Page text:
March 27, 2010 at 6:14 PM  
Anonymous Anonymous said...

Sir Siraj Sirajudeen,
I love theatre and present emotion we can feel when we see a performance or when we perfom ourself.
However, I think that technology and theatre are not incompatible. Of course it depends on the use we do with. Sometimes in theatre, music is recorded, but it doesn't remove the beauty or emotion of the actors or scenes. I think it can be the same for another technology.
Moreover I think it would be a mistake to take the spectator as a stupid person introducing technology without depth. But for me it's normal to explore in technologies new ways... sometimes it's a success ...and sometimes no...
Theatre gives the place for search...
Dear Sir Siraj Sirajudeen, for sure I would like to come to see what is happening in the reality of India ! In particular to see one of plays directed by ChandraDasan...

I wish you all the best,
Valérie Karyat, France

March 30, 2010 at 1:57 AM  
Blogger AMITESH GROVER said...

the ire that debates such as these - technology vs theatre - throw up many interesting questions (and ill informed opnions/prejudices if I may dare add). Archetypal arguments of pureness/origins/roots often get raised passionately in these simplistically constructed dichotomies (another cousin of which is the east vs. west theatre). Fortunately like all else, the history and the present reality of Performance Art lies entrenched in a complex layering of the relationship artistic practice has had with its time and its viewers. In my little experience, viewers have not bothered to flesh out these stale debates, rather have struggled enthusiastically to come to terms with what-is-it they experienced and why-is-it that it spoke to them, if at all.

March 30, 2010 at 9:43 PM  
Blogger Chandradasan said...

I am afraid, I agree with you in the last part of your comment... The part with the if at all (the magic if)it spoke to the audience, they will struggle to come to terms with it...
But look around?
Pity is that it do not speak to/about the audience but creates a sort of soliloquy, that too in gibberish...(visual gibberish too)
and we hail it just since it is new-wave produced by the new whiz-crats....
You can disagree !!!

March 30, 2010 at 10:46 PM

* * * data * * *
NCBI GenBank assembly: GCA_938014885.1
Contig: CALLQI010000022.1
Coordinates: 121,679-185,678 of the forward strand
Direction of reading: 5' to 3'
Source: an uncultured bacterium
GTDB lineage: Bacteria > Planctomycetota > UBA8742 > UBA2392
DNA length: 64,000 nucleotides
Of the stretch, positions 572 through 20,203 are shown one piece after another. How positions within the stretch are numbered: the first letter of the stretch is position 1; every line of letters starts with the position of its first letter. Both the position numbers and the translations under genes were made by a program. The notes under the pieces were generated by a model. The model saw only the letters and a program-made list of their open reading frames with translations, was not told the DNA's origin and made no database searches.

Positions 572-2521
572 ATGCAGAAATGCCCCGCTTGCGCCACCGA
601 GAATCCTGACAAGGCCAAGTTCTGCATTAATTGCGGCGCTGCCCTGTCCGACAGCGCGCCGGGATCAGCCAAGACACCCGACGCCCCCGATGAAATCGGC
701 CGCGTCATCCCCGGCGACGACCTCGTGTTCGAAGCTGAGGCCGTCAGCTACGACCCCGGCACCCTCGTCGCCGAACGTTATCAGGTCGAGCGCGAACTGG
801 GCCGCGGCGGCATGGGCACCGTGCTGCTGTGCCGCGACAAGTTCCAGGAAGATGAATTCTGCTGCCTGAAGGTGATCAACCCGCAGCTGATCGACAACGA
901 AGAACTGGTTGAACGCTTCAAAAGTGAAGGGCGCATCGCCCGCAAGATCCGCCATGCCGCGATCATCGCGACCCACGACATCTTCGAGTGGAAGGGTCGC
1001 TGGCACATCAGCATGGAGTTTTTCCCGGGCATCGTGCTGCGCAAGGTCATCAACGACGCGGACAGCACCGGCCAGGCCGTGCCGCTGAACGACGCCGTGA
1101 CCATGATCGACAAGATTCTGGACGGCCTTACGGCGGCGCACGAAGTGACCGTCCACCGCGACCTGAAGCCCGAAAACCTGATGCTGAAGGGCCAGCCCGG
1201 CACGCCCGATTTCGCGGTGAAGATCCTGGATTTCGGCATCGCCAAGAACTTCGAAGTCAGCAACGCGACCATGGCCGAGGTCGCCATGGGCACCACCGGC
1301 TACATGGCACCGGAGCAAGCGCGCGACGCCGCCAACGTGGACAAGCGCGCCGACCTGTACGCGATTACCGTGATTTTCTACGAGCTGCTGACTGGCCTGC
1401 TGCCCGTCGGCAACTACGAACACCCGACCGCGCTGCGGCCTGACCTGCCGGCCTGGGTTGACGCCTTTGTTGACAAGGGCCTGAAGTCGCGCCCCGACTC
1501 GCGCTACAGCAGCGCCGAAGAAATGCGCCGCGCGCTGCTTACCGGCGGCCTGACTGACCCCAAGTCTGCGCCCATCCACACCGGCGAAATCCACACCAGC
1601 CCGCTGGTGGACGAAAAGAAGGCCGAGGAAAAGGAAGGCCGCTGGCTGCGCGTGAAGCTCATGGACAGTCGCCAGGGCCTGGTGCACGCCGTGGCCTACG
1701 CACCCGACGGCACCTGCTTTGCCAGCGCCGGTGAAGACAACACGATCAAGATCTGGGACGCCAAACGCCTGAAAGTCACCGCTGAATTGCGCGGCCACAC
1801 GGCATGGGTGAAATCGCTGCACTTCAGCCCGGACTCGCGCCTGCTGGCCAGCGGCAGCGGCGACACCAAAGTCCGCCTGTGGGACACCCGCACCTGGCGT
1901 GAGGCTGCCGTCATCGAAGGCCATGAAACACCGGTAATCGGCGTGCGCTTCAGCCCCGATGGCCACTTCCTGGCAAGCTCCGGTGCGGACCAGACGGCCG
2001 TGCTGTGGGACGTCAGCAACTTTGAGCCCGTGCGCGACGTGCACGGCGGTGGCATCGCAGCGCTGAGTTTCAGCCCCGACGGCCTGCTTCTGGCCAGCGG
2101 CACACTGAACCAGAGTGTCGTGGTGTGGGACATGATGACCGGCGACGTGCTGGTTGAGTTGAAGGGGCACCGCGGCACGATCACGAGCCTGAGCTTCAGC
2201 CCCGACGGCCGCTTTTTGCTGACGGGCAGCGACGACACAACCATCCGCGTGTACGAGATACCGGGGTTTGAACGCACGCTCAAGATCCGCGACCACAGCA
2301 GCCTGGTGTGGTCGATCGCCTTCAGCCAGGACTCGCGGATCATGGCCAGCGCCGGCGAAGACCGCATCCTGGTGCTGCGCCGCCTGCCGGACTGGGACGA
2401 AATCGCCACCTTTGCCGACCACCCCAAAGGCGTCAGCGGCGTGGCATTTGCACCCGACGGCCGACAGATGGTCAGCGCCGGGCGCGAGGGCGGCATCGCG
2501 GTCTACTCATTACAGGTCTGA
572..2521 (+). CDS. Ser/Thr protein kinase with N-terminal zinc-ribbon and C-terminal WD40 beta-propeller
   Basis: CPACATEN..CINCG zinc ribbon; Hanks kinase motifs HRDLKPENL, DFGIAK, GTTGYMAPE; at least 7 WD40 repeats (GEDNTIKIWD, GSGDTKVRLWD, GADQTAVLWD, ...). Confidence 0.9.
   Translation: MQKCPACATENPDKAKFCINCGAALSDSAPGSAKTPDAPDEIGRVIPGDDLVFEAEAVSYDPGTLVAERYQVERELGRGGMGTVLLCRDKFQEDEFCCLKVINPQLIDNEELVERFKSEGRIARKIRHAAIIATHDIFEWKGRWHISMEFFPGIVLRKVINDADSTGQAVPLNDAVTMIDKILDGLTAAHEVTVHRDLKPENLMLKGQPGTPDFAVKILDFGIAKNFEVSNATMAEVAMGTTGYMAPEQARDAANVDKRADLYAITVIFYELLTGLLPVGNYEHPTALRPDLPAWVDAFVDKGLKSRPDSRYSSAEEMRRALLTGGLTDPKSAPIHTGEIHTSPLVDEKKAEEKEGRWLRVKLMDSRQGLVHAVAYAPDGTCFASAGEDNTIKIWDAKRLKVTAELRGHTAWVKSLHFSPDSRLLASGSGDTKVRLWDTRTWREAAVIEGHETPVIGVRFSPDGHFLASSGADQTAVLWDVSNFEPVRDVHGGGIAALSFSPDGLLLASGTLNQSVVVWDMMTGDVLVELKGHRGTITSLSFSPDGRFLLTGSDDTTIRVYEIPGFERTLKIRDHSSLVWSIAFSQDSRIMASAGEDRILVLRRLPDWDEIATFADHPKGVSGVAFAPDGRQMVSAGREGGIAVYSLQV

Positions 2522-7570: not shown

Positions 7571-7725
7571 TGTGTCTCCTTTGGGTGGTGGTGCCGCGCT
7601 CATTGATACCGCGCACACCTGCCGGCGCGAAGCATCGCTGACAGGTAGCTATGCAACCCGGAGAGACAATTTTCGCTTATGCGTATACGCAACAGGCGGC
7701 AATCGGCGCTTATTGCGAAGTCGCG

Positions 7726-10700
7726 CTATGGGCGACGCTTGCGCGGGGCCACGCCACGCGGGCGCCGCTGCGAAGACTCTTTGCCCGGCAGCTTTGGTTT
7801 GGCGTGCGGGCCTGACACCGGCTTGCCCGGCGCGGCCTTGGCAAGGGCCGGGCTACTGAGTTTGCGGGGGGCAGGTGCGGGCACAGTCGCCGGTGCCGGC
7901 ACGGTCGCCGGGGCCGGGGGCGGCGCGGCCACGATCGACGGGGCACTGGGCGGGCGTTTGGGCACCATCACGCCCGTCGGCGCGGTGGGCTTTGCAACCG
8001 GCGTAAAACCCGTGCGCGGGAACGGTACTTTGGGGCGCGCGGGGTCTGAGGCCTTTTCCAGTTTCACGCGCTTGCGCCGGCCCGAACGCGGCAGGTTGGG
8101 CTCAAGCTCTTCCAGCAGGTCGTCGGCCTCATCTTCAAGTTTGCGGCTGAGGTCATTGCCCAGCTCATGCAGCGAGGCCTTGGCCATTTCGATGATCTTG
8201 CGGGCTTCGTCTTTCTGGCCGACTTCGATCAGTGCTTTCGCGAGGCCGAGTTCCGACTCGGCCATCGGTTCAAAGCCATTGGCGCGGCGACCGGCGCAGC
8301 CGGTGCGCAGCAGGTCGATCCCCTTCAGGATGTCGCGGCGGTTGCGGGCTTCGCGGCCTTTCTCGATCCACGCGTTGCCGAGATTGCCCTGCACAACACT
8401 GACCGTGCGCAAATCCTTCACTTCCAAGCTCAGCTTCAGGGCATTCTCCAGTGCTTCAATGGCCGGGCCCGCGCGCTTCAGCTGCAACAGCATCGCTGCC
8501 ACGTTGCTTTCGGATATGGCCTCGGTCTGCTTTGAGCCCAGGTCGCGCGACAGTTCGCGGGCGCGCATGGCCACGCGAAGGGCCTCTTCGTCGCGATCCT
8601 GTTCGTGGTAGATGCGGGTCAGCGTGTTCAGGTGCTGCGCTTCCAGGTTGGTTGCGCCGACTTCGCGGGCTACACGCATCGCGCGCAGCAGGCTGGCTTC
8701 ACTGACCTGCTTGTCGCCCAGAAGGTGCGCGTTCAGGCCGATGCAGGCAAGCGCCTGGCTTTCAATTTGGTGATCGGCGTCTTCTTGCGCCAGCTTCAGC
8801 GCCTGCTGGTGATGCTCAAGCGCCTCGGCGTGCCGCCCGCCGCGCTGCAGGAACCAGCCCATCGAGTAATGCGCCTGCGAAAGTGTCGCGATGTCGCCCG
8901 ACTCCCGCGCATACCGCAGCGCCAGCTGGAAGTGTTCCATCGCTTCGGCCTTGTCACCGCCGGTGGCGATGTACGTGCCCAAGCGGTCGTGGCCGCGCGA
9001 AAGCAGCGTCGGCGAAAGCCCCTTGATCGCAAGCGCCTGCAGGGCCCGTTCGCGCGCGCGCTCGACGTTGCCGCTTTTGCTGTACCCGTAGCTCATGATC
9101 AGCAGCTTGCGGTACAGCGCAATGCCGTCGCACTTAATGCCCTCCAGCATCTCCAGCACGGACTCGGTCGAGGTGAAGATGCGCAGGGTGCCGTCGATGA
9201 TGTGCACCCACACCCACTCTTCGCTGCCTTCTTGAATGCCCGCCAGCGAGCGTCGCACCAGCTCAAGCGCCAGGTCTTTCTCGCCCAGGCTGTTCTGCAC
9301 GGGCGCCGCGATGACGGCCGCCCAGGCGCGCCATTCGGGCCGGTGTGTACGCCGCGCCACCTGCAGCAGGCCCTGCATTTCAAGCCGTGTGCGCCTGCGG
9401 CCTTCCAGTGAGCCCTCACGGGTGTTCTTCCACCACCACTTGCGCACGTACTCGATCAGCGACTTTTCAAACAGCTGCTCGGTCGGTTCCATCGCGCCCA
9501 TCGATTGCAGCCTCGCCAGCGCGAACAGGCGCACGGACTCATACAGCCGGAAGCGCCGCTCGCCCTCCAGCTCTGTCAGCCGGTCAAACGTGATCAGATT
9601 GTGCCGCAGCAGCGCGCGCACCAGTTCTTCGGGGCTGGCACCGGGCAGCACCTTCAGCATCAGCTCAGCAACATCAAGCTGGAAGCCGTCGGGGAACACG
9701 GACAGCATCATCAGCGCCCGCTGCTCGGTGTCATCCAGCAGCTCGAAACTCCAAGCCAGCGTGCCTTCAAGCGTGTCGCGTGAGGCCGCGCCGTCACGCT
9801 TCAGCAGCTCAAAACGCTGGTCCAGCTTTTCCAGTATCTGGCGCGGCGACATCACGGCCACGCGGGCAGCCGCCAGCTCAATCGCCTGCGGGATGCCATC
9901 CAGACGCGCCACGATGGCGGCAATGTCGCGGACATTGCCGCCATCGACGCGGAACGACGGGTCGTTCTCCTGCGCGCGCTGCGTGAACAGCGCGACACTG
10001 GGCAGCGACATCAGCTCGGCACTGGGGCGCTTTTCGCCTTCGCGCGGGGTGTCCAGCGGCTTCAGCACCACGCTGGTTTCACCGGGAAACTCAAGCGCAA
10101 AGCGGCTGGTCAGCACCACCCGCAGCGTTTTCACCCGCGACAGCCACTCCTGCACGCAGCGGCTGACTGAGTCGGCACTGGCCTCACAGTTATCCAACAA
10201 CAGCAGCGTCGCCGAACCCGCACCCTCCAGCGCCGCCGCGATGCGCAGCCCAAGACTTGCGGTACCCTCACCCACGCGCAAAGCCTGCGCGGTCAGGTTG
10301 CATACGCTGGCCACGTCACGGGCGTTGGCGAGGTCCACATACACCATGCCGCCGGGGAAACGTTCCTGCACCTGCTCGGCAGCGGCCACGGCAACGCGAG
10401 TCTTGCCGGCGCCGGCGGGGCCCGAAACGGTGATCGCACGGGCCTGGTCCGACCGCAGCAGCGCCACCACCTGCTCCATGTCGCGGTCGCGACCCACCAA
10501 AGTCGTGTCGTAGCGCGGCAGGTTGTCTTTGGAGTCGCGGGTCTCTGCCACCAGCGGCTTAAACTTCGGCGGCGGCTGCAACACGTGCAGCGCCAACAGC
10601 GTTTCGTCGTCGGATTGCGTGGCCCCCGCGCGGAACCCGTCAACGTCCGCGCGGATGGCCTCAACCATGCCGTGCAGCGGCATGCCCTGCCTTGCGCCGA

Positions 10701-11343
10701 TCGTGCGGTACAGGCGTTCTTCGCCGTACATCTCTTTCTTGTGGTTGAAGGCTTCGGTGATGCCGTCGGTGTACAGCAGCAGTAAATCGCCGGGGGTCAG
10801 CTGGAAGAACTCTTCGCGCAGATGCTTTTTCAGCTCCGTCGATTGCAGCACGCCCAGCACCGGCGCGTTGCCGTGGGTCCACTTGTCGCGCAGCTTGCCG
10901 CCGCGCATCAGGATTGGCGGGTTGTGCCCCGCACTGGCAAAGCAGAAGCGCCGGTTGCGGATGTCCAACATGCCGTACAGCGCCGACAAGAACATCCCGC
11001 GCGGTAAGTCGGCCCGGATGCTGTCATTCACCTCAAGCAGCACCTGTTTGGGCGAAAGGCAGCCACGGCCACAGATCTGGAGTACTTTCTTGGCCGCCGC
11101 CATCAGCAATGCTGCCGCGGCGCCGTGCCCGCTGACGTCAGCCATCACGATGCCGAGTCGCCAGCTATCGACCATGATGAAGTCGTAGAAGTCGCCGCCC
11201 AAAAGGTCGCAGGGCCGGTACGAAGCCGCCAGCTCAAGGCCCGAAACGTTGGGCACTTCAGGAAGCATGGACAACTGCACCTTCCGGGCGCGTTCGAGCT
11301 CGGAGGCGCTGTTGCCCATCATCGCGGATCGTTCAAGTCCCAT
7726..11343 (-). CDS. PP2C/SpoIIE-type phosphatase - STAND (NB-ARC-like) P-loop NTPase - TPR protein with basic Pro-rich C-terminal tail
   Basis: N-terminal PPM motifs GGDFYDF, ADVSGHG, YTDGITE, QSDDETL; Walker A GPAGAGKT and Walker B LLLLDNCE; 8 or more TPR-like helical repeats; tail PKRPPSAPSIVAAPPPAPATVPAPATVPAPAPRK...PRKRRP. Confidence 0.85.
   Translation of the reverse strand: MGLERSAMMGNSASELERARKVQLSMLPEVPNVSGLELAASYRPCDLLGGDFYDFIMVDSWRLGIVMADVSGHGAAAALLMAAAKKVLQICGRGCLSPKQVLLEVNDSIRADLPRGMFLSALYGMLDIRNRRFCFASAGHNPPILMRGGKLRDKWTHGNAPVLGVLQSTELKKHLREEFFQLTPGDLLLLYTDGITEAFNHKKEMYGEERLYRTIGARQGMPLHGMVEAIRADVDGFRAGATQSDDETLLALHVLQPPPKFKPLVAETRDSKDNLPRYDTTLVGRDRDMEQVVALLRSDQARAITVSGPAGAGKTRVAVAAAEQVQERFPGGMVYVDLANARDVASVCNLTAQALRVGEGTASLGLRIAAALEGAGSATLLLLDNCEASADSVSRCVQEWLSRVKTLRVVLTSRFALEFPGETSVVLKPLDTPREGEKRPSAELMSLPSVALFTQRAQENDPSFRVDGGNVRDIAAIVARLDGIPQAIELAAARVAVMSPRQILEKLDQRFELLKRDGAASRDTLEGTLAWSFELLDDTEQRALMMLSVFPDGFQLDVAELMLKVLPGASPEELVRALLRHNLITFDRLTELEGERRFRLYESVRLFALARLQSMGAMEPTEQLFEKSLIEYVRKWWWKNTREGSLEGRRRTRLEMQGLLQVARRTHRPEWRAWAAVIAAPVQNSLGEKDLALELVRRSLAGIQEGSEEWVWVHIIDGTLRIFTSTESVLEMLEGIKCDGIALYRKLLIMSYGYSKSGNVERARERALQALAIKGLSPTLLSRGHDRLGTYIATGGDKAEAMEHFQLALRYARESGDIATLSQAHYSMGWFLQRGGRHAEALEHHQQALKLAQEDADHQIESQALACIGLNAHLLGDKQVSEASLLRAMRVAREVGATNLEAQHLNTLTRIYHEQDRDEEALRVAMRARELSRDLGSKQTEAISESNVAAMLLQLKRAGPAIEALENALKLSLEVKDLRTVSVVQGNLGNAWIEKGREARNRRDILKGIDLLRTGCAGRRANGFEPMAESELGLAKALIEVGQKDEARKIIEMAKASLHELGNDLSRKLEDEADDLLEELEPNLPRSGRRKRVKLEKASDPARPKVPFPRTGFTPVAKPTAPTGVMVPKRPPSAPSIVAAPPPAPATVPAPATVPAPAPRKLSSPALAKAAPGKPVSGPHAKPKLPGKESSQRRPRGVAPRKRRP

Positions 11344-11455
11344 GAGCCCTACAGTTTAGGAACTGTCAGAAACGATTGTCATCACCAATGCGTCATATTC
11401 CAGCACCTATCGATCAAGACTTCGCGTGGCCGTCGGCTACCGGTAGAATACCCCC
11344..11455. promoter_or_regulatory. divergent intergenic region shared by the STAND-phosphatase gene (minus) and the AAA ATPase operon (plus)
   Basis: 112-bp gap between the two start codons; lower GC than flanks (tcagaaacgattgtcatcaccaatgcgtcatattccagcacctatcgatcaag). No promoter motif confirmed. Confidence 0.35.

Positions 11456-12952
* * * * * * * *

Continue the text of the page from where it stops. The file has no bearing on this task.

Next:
Blogger AMITESH GROVER said...

Dear Chandra,

We are besieged by 'dead-ly' theatre (to borrow Peter Brook's term from the ancient Empty Space), technology or otherwise. The confusion I was intending to sort out was merely this - that new grammmars and contexts do not make art (theatre) better by default (and here you and I agree). Nor may they make it worse. There is a fair presence of theatre (art) that does not work for me even if it succeeds to keep 'technology' at bay. What may be the call of the day is to write about how the new grammar responds to its present day context. How much ever inspiring the stories of the innovative use of projections of a clever German guy may be, today's realities are different, if not more complex. How the new experiments in theatre (a conglomerate art by virtue) have a potential to work and how certainly they mayn't, seems a potent enough essay from a writer your calibre. To make sweeping statements - 'emerging technologies make theatre less human...' without investigations seem all too hurried a thought. Theorise everything new, after all, is a marxist call isnt it?

P.S. Meanwhile, click on my name above (if you havent already). The hyperlink will lead you to my blog. Would love to hear your comments, when you get the time to watch video-excerpts of my past and current work.

March 30, 2010 at 11:55 PM  
Blogger ahsaas said...

great inspiring thoughts!!!!!!!!!!!!!!

April 4, 2010 at 9:05 PM  
Blogger ahsaas said...

great and inspiring thoughts!!!!!!!!!!!!!!!!!!!!!!!!

April 4, 2010 at 9:07 PM  
Anonymous SUNIT SINHA - ACTOR FACTOR said...

Thanks, Chandradasan for this piece.

That's precisely what we at 'Actor Factor' stand for.

I'm feeling kind of reassured.

April 15, 2010 at 2:46 PM